Identification, Images, & Information
For Insects, Spiders & Their Kin
For the United States & Canada
Giving Tuesday

Do you use BugGuide? Please consider a monetary gift on this Giving Tuesday.

Donate Now

Your donation to BugGuide is tax-deductible.

Clickable Guide
Moths Butterflies Flies Caterpillars Flies Dragonflies Flies Mantids Cockroaches Bees and Wasps Walkingsticks Earwigs Ants Termites Hoppers and Kin Hoppers and Kin Beetles True Bugs Fleas Grasshoppers and Kin Ticks Spiders Scorpions Centipedes Millipedes

Upcoming Events

See Moth submissions from National Moth Week 2023

Photos of insects and people from the 2022 BugGuide gathering in New Mexico, July 20-24

Photos of insects and people from the Spring 2021 gathering in Louisiana, April 28-May 2

Photos of insects and people from the 2019 gathering in Louisiana, July 25-27

Photos of insects and people from the 2018 gathering in Virginia, July 27-29

Photos of insects and people from the 2015 gathering in Wisconsin, July 10-12

Previous events

Leaf Beetle - Cryptocephalus aulicus

Leaf Beetle - Cryptocephalus aulicus
Jupiter Ridge Natural Area, Palm Beach County, Florida, USA
May 30, 2009
Size: ~1+cm
Browsing through the guide, I couldn't find any matches. At a glance, it appears to be a species of Griburius .

Moved from Griburius larvatus.

Good match for the TYPE Cryptocephalus aulicus specimen.

Also, C. aulicus is fairly large (though not quite 1 cm) and fairly common on FL per White's (1968) review of the genus.

Thanks for the identification, BUT...
...who cropped my image and why? I've been posting jpegs on this site since its inception, many of them much larger than the minimum required size. I chose to crop my photos to show my sense of photographic composition and to include the surrounding environs.

If you are going to tamper with my photographs, I will stop posting on this site.


Photos can be too loosly cropped...
Nearly all your photos are well composed and well cropped, but occasionally a photo can be too loosely cropped such as:

This is of course a matter of personal aesthetics, but BugGuide is, I think, more geared towards arthropod identification and information than towards artistic photos which are perhaps more appropriate for sites such as Flickr. Having said that, there are many thousands of truly beautiful photos posted here, including many of your own, but cropping can facilitate identification and doesn't necessarily detract from an artistic rendering of the animal.

Cropping someone else's pics

Honestly, I think that it is up to the contributor then to alter the image - not someone else. If it doesn't suit the site's needs, then simply frass it.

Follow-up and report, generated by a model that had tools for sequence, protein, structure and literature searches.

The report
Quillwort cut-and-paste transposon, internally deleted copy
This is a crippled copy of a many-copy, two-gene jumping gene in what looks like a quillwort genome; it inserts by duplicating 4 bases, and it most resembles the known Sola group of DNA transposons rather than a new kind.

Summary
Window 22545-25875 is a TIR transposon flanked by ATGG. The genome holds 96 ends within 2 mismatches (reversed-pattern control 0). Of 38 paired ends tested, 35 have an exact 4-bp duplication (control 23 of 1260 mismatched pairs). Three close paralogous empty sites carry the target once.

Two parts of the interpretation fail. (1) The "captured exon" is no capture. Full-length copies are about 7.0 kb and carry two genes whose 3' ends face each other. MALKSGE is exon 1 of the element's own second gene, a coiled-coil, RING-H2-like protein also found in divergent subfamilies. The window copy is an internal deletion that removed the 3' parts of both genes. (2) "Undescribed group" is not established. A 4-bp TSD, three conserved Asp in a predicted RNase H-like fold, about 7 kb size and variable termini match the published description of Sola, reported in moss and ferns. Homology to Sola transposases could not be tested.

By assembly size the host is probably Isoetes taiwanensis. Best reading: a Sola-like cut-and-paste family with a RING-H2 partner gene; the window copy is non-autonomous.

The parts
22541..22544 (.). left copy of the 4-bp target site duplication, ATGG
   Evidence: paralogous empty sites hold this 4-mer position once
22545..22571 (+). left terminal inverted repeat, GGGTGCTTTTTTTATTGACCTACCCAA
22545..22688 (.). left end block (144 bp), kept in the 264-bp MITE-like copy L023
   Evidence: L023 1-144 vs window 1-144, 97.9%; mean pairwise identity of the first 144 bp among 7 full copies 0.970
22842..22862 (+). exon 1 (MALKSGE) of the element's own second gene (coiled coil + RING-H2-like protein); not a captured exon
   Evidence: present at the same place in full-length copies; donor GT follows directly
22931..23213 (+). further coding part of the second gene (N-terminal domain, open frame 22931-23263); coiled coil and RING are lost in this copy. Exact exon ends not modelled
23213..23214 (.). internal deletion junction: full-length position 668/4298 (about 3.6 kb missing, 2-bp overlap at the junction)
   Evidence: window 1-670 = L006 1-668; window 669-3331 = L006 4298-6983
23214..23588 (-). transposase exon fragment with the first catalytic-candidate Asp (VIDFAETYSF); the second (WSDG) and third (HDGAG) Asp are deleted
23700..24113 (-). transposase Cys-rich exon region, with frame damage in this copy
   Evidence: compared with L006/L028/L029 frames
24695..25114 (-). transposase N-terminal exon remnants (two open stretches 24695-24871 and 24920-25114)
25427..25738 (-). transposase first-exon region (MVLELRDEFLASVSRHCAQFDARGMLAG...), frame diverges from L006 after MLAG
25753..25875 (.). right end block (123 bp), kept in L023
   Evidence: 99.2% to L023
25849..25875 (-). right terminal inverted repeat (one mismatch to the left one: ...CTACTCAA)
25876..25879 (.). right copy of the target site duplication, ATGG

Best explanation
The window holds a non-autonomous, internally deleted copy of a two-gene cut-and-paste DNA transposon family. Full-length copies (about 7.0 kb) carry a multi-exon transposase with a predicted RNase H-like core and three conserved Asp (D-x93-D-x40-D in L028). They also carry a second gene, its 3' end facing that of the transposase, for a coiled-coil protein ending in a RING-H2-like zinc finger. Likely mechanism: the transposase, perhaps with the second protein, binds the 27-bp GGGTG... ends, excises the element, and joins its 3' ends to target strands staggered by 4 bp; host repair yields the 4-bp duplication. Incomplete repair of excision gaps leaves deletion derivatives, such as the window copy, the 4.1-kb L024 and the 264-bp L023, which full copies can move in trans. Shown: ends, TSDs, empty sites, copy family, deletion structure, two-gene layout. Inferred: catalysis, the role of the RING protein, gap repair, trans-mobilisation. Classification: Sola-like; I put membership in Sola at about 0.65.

If you want photographers (some of us now professional) to keep contributing top-notch images to this online guide, you need to respect that personal aesthetic. If I choose to show more of the background on an image, I always try to make sure the image is large enough to zoom in and see all the detail that is captured of the subject.

Please respect my photos and do not alter them at your choosing on behalf of the site.


Frassing is fine, but not cropping?
Tony, I will certainly respect your no-crop wishes and yes all yours and others images can be "zoomed in" on, but having recognizable images at the thumbnail size (the zoomed out size) is actually *very* important to sorting and identifying the several hundred thousand images posted to bugguide.

Your initial comment above alludes to this reality:

*Browsing* through the guide, I couldn't find any matches. *At a glance*, it appears to be a species of Griburius.

You didn't have time to zoom in on each image and frankly, neither does anyone else.

Images that are frass worthy can actually sometimes be salvaged by cropping, lightening, flipping etc.

Thanks for your many quality contributions. Mike

Your points understood...
...and I see your point. And I can imagine the sheer volume of images that are yet to be identified.

Usually, I try to state where/how I arrive at a identification (books, internet, etc.). If it is a image, such as this, where I am guessing, then I try to incorporate some of the background (like the plant in this case) so that it may aid in identification to the more experienced.

So thanks for understanding:)

Now that that's cleared up, the markings do seem a bit different to other images here, and other specimens that I've shot. Can the markings be variable on this species?


Upon closer inspection, it ain't Griburius larvatus
Red face, legs, and undercarriage don't jive with true Griburius larvatus which has yellow legs, black face, and black and white verso...

Scanning through the Crypto spp. for the third or fourth time, I think it might be this sp:

Moved from Cryptocephalini.

Moved from Leaf Beetles.

Comment viewing options
Select your preferred way to display the comments and click 'Save settings' to activate your changes.